Can code of ethics ‘educate’ lawmakers?
- By Misheel Lkhasuren -
- Apr 09,2021
Chairman of the Standing Committee on Ethics and Discipline B.Bat-Erdene submitted a draft resolution on revision to the Code of Conduct for Members of Parliament to Speaker of Parliament G.Zandanshatar. Lawmakers B.Bat-Erdene, S.Byambatsogt, S.Ganbaatar, N.Ganibal and L.Enkh-Amgalan developed the resolution by Order No. 45 of the speaker of Parliament. Thus, the legislators are set to revise the code of conduct adopted in 2009.
In accordance with the amendment to the Constitution of Mongolia, the Act of Parliament and the Law on Parliamentary Procedure were revised and amended last year.
In connection with the legislation, the revision of the Code of Conduct for Members of Parliament was developed to reflect the ethical requirements of lawmaker’ powers, conflicts of interest, budget expenditures, declarations of assets and income, business trips, awards, and election campaigns.
The code approved by Parliament in 2009 has 7 chapters, 14 articles and 20 sub-clauses, while the draft revision expands the code to 12 chapters, 71 articles and 26 sub-clauses.
The bill initiators noted that the purpose of the revised code is to help lawmakers stay true to their oath of office. “As an ambassador of the people, I swear to uphold the interests of all citizens and the state, respect the state, history, cultural traditions, and the Constitution of Mongolia, be free from corruption and conflicts of interest, and fulfill my duties as a legislator honestly. If I break this oath, I will be held accountable,” legislators say when they take an oath to Parliament.
Of course, the current code, or any code of ethics, is enforced for this purpose, in order to keep people true to their oaths and their office. However, it is a different matter whether the code passed in 2009 is not up-to-date, or difficult for lawmakers to comply with, or their ethics and the quality of implementation of documents have deteriorated. The public’s judgement will perhaps provide answers to these questions. In any case, Parliament has decided to update the code.
The draft resolution stipulates that the Standing Committee on Ethics and Discipline will impose a (stern) warning to a member who fails to comply with the code, and reduce salary by no more than 20 percent for up to six months. There is no such provision in the current code. At the very end of the code, there is a single sentence stating, “The implementation of this code will be monitored by the Subcommittee on Ethics, and the rules of procedure of this subcommittee will be determined by special rules.”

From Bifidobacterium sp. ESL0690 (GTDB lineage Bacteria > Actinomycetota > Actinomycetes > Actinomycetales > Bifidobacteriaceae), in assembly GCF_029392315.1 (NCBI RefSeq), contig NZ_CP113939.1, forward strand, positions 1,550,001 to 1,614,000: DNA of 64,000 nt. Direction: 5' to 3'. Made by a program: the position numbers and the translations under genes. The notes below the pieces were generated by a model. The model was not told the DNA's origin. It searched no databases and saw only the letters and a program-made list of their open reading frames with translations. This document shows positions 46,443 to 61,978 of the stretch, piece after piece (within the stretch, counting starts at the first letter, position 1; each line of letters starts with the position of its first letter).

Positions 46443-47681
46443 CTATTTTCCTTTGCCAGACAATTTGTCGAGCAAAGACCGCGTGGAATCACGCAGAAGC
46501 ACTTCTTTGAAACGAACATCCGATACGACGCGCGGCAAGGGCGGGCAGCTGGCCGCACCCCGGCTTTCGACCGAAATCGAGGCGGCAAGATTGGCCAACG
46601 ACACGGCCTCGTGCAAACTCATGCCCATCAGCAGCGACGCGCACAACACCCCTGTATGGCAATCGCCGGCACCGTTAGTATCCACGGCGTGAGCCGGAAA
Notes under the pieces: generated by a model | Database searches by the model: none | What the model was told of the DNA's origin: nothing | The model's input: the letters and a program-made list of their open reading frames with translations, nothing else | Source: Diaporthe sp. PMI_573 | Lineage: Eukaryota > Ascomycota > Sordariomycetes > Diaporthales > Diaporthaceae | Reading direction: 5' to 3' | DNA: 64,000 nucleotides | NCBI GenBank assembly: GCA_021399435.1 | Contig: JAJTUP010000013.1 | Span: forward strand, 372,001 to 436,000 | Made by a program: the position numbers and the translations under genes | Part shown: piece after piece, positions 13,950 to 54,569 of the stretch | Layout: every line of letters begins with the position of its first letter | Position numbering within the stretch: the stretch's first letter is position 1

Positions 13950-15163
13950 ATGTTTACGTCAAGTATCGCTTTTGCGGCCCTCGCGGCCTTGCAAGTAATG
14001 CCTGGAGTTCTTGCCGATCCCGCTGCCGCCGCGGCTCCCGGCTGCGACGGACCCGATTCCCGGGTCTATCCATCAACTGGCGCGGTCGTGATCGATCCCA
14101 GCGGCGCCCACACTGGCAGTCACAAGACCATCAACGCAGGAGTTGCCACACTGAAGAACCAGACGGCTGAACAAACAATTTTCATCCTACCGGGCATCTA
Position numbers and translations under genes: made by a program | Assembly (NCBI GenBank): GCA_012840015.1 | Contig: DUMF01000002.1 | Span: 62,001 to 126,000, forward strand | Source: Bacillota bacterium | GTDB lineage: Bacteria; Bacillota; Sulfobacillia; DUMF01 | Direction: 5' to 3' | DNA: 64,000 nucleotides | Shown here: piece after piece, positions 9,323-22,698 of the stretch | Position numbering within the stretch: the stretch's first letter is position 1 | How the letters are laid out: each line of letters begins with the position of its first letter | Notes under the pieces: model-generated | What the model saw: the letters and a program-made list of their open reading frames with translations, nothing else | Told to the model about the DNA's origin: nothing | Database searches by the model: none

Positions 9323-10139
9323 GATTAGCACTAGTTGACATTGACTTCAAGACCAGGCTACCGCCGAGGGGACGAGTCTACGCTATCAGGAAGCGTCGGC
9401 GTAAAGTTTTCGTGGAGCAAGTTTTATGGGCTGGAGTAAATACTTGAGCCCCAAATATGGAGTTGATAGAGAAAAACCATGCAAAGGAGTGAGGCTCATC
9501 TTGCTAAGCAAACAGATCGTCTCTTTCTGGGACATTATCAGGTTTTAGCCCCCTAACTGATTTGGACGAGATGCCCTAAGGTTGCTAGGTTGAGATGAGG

The revised code says that a warning will be imposed through a resolution of the Standing Committee on Ethics and Discipline, which will be published on the official website of the Media and Public Relations Department of Parliament within five working days.
Moreover, if a member’s misconduct is of criminal or corruption-related nature, it shall be referred to the relevant authority in writing by a majority vote of the standing committee members.
The Standing Committee on Ethics and Discipline will be responsible for receiving complaints and information related to unethical activities of legislators directly from legal entities, as well as resolving such petitions and proposals submitted to the speaker of Parliament. In doing so, complaints and information shall be received by the chairman of the standing committee and transferred to one of the standing committee members for review. A member will also have the right to request documents, explanations and other reference materials from the relevant authorities if necessary.
The revised code stipulates members to attend session on time and not to miss meetings. It also includes detailed provisions for members to speak from their office’s point of view, to express their views wisely and reasonably, not to give false or intangible information to the public, and not to violate accepted moral norms. Furthermore, there are new regulations prohibiting the illegal use of information obtained in the exercise of one’s duties.
Interestingly, a parliamentarian will be prohibited from appointing or nominating their family member to other organizations in accordance with the draft resolution. Recently, the son of a legislator was appointed to a senior position in the civil service and resigned due to overwhelming public criticism.